Supreme Court: The Difficult Succession of a Judge

The Republican candidates for the White House are determined to prevent Barack Obama from designating a successor to the Supreme Court Justice Antonin Scalia who died on Feb. 13. Their fear is to see a liberal replace a conservative. However, an editor from the Washington Post mentions that the Republicans are playing with fire and should instead think of what Justice Scalia himself would do.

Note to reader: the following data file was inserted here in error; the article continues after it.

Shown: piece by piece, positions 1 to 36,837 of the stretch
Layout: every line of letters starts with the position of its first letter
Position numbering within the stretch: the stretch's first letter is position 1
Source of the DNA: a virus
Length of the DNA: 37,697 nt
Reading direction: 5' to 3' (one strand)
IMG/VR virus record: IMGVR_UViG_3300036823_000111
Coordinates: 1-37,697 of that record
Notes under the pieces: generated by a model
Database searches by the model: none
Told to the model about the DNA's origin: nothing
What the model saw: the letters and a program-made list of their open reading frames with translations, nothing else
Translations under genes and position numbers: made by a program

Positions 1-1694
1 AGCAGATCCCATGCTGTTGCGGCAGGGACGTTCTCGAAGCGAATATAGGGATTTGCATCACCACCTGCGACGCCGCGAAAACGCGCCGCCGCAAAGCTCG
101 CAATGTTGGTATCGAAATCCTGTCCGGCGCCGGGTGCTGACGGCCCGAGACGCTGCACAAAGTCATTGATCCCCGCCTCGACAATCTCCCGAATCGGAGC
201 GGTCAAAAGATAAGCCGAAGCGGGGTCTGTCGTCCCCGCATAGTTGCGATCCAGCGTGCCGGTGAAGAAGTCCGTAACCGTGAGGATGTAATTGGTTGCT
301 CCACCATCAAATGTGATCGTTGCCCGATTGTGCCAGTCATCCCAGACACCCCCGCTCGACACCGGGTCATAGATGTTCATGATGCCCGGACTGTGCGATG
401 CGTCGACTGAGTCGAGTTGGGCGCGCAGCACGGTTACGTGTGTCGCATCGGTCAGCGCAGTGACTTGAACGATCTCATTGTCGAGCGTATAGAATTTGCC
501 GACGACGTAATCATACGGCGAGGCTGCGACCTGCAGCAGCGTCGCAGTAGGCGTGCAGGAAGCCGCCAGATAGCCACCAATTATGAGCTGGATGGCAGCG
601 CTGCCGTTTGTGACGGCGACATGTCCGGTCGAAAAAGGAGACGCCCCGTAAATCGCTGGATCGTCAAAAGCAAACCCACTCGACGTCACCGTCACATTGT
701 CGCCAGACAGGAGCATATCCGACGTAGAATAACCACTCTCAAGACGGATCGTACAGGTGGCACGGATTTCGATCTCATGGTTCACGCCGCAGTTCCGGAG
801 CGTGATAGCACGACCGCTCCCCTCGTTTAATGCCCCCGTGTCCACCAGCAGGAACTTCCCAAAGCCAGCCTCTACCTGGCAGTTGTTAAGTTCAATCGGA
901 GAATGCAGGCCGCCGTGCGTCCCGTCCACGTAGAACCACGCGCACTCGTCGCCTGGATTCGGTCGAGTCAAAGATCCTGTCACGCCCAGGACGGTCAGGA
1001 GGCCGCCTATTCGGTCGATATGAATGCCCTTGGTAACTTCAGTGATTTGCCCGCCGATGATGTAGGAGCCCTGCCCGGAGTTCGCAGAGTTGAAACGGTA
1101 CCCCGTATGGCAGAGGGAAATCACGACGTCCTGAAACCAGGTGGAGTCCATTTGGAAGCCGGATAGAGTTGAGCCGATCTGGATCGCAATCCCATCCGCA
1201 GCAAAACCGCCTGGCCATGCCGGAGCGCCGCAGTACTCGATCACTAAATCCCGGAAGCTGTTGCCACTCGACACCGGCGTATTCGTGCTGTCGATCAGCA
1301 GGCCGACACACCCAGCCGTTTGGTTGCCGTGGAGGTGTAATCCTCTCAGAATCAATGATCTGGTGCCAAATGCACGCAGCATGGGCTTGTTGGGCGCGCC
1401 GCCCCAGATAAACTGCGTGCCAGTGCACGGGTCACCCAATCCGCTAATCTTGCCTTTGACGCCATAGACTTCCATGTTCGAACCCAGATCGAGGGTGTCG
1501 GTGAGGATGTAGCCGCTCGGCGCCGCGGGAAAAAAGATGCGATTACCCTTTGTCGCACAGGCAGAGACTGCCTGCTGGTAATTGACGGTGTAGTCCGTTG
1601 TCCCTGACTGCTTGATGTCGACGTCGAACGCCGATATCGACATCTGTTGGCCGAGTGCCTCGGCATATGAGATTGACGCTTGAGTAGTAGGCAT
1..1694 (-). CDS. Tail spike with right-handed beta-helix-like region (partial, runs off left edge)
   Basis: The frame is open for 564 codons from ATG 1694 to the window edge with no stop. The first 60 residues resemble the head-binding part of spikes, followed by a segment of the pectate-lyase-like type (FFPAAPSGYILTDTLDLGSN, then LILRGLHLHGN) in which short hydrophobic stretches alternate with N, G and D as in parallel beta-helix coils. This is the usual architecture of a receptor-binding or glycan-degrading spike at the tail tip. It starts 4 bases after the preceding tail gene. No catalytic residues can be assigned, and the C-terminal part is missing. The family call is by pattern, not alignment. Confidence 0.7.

In Kathleen Parker’s opinion, he would have read Article II Section 2 of the American Constitution which states that the president proposes a candidate and the Senate must then decide. But apparently that’s not what the Republicans understood. Donald Trump was first in line to declare, barely 24 hours after the judge was declared deceased, “we should delay” the nomination until after the elections. This celebrity would have probably led the justice to think before his death how “childishly amusing” the candidates are. Certainly the judge would have included the political reasons for this position, but not the arguments, especially the one who wants to give the last word to the people. On the one hand, the law is clear. On the other, the people already decided by re-electing Barack Obama to the presidency of the United States. The stakes are high because it’s probable that three judges of the Court, at the same time guardians of the Constitution, will give up their seats during the next presidency. This would leave four vacant seats out of nine. But, for the journalist of the daily newspaper, who is generally more democratic, it seems difficult on one side to claim Judge Scalia’s legacy while, on the other, ignoring what the law says.

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